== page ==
SECTIONS
Premium

William Ruto's warning shot on rule of law as 6 judges sworn-in

President William Ruto addresses judges and judiciary staff at State House, Nairobi. [David Gichuru, Standard]

President William Ruto fired the first warning against Executive impunity yesterday, vowing to lead from the front in upholding the rule of law.

The swearing-in of six judges rejected by his predecessor, President Uhuru Kenyatta, was staged to underscore a break with the past, with former Chief Justice David Maraga, who oversaw their recruitment, in attendance.

After waiting in the cold for three years, justices Weldon Korir, Aggrey Muchelule, Joel Ngugi and George Odunga finally took an oath to formally ascend to the Court of Appeal, while Evans Makori and Elizabeth Omange quit the magistracy to become judges of the Environment and Lands Court.

Attorney General Kihara Kariuki, who backed President Kenyatta’s refusal to appoint the judges, attended the event. Chief Justice Martha Koome, Deputy Chief Justice Philomena Mwilu and Court of Appeal President Daniel Musinga were also in attendance. 

The judges took turns to swear that they would dispense justice impartially and defend the Constitution.

President Ruto apologised to the judges for the long wait and warned that it will not be business as usual in regard to defying judicial pronouncements.

The six had been part of a group of 41 judicial officers Uhuru had refused to appoint, citing adverse intelligence reports.

“We must deal firmly and decisively with impunity. Let me say this for the record: Kenya can only become much better with the rule of law. Any other route can only lead us to anarchy,” Ruto said, before sharing an analogy from a book by George Orwell on equality.

“There can never be a case of the Animal Farm where there are people more equal than others. We are all equal before the law. If the rule of the law is our benchmark, we can only succeed.”

Ruto said that despite being the President, he was limited by the law, and he would respect those limitations. All other arms of government must live within the bounds of their legal mandates, he warned.

“Let me repeat, again. It is the rule of law, not the rule of man. That is the bare minimum.”

The matter of the judicial appointments had become a ping-pong battle of sorts. A three-judge bench composed of justices George Dulu, James Wakiaga and William Musyoka found that the six were treated differently from 35 of their colleagues who were appointed and sworn in by Uhuru after Justice Koome took over as Chief Justice last year.

The bench, however, declined to order for their compensation stating that only the six could argue about how much they ought to be paid for being kept in the cold for years.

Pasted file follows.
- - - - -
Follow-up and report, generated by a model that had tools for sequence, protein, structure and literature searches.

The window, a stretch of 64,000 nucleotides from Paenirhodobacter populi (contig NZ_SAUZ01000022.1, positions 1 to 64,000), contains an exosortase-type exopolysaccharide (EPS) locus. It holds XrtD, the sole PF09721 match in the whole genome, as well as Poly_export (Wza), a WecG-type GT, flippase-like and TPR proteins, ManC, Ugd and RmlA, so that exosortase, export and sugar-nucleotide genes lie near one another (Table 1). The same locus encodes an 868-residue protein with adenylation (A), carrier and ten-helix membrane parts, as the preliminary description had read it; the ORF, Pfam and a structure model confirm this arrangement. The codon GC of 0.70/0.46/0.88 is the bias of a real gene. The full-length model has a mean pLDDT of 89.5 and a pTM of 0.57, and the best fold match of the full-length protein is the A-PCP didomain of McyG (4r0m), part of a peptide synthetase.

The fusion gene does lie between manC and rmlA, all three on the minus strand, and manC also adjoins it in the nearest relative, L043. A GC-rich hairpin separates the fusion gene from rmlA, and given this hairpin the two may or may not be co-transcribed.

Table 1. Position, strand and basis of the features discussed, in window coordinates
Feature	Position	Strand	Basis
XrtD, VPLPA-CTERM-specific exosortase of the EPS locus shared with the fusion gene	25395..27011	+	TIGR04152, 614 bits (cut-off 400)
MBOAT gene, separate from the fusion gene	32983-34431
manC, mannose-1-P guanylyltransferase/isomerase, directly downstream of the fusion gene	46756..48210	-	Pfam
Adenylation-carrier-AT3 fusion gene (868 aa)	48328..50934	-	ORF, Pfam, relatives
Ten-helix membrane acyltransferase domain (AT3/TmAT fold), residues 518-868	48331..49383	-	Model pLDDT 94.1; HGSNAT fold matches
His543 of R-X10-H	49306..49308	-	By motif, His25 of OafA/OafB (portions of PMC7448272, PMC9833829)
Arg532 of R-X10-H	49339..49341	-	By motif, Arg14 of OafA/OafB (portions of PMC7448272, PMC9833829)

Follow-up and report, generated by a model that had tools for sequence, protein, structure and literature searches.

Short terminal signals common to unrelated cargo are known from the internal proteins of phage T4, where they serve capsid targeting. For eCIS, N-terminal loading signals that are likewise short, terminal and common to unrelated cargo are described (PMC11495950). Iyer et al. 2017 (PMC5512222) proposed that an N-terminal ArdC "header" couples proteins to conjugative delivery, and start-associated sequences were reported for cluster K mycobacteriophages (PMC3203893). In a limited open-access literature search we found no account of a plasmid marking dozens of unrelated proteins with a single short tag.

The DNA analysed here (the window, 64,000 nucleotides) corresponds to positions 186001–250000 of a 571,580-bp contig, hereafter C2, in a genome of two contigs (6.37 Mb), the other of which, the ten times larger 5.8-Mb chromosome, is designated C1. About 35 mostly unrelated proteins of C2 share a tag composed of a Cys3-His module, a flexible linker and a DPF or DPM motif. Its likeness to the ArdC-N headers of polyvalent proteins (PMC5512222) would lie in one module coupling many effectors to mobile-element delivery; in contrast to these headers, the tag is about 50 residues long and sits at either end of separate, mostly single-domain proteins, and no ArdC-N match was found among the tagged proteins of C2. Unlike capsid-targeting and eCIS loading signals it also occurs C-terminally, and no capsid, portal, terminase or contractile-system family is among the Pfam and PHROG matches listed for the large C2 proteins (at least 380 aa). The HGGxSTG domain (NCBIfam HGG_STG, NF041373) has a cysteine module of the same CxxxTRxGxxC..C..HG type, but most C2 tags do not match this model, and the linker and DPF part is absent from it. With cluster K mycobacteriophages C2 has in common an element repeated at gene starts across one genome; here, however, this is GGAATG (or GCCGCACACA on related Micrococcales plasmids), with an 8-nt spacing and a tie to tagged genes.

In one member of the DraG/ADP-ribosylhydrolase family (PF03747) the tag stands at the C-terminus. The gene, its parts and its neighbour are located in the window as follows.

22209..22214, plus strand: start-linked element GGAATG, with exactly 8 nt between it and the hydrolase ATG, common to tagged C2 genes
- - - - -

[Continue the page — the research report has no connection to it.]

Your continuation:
Former Chief Justice David Maraga with President William Ruto at State House, Nairobi. [File, Standard]

“They were treated differently from the others and this is discrimination. They were not subjected to fair administrative action. Having been nominated, they had legitimate expectations that they should be appointed,” said Justice Dulu.

Faced with Uhuru’s defiance, Justice Maraga had put the matter in the court of public opinion. His successor, Justice Koome, also made it clear that the six should be appointed.

But when she was ordered by the High Court to bypass the Executive, she appealed the decision, arguing that she was being ordered to take up responsibilities bestowed on the President by the Constitution.

Ruto said there was need for the judges to support the Judiciary to dispense justice and make it more accessible.

“As I committed yesterday to supporting the Judiciary to deliver its mandate, it’s important that we have an independent Judiciary. That’s why when the Judiciary Fund was finally launched this year, June 1, it was not just a celebration by the Judiciary but also for Kenyans. That way, we can have a much more efficient Judiciary and many more cases can be concluded in a timely manner,” he said.

An efficient Judiciary, he added, would help the country unlock its social and economic potential.

The President said the time taken for corruption, land and commercial cases to be heard had become inordinately long. He asked Kenyans and the Judiciary to support his administration in ensuring that such cases are adjudicated and concluded in a timely manner.

“This will promote Kenya as a country that attracts foreign investors who will have confidence in the country,” he said, adding that his administration would respect the independence of the Judiciary to deliver its mandate, promote dialogue, and to take Kenya to the next level.